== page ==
Literary Reflections


by Leila Austin with Ali Asani and Andrew Halladay

In the aftermath of 9/11and the democratic uprisings of the Arab Spring, a host of news anchors, political pundits, and scholars have sought to explain the role of religion in “the Muslim world.” Many Americans seeking to educate themselves about Islam have turned to translations of the Qur’an, the foundational scripture of the Muslim faith. Yet without a deeper understanding of the wider historical and cultural contexts in which the Qur’an emerged and has been interpreted, the text itself is of limited use in explaining the diverse expressions of Islam throughout the world. A complex web of political ideologies, socioeconomic conditions, societal attitudes toward gender, literary and artistic traditions, and historical and geographic circumstances, connect the Qur’an with its many interpretations across Muslim societies.

Life in Muslim societies, like life anywhere, consists of far more than just religion. We must look to the larger social, political, and cultural dimensions with which religion consistently intersects to better understand the principal aspirations and concerns of Muslims around the world. To this end, literature can offer us a valuable lens through which to view Muslim societies on their own terms.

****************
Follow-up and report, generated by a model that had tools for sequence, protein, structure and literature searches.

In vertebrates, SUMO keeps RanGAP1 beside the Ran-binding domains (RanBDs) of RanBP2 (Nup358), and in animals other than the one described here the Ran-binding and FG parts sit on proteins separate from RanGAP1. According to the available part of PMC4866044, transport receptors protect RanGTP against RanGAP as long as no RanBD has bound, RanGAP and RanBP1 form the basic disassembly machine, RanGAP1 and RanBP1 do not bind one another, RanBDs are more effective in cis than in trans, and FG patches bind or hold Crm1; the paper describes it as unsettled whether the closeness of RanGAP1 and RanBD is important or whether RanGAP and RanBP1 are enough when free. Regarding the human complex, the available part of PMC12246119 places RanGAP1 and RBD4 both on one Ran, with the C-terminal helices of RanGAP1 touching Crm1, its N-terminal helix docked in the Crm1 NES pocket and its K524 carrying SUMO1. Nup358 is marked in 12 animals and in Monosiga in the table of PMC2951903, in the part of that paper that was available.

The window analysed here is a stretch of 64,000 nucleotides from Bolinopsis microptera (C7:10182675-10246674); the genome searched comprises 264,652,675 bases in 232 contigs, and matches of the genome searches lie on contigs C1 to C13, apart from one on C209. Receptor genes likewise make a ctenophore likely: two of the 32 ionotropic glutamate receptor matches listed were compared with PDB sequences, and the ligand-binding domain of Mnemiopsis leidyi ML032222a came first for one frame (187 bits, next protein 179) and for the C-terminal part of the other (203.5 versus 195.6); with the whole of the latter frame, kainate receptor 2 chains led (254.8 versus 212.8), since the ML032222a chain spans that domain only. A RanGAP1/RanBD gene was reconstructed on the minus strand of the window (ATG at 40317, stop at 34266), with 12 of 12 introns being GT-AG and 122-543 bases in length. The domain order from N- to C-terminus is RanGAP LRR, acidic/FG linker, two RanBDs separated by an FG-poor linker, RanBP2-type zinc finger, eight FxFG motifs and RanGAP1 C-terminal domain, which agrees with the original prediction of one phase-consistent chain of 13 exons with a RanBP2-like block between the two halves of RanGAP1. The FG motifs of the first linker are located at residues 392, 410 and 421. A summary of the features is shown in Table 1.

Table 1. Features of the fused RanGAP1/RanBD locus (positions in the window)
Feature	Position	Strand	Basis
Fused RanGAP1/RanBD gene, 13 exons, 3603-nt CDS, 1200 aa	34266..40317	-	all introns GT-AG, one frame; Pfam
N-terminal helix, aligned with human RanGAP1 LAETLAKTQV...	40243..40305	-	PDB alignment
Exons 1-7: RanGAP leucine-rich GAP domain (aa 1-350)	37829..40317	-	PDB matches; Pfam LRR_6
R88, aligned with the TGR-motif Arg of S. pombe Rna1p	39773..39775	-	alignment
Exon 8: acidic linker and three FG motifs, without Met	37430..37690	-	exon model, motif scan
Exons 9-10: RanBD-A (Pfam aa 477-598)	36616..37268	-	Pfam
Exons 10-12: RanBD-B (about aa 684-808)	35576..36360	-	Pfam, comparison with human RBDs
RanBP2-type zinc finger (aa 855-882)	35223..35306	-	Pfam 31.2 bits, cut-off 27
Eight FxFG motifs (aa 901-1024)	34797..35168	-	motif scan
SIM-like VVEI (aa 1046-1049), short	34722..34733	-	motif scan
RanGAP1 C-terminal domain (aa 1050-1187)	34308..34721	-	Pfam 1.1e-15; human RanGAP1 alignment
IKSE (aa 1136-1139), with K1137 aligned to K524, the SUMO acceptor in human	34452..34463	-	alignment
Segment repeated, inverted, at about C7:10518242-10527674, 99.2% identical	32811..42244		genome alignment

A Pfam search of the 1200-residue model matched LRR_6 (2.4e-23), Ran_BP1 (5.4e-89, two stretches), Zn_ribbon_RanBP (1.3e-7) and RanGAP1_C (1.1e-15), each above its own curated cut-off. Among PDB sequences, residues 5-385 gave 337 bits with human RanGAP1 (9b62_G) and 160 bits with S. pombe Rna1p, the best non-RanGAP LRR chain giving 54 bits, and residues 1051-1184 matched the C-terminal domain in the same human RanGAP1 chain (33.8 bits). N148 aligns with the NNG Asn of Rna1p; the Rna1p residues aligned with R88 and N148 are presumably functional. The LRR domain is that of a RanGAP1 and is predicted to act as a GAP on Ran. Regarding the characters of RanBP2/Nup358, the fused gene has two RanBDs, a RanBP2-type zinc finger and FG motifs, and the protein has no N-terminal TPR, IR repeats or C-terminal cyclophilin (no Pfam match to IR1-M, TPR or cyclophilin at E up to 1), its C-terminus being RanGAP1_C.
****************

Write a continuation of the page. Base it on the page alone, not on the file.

The five works in “Literary Reflections” all emerge from communities that share a religious identification (Islam), yet in their pages we read about considerably more than religion—we encounter the hopes, dreams, and fears of characters as they relate to their communities and to the wider world. We encounter mundane routines, but also the crises and special events that punctuate them. In many of the works, individuals find themselves in vigorous negotiation between old and new, at times relying on traditional symbols and at other times inventing new ones. These texts reveal individuals caught in the midst of cultural change, in historical moments when religious rituals and symbols, experiences, and identities are being retained, borrowed, and reforged.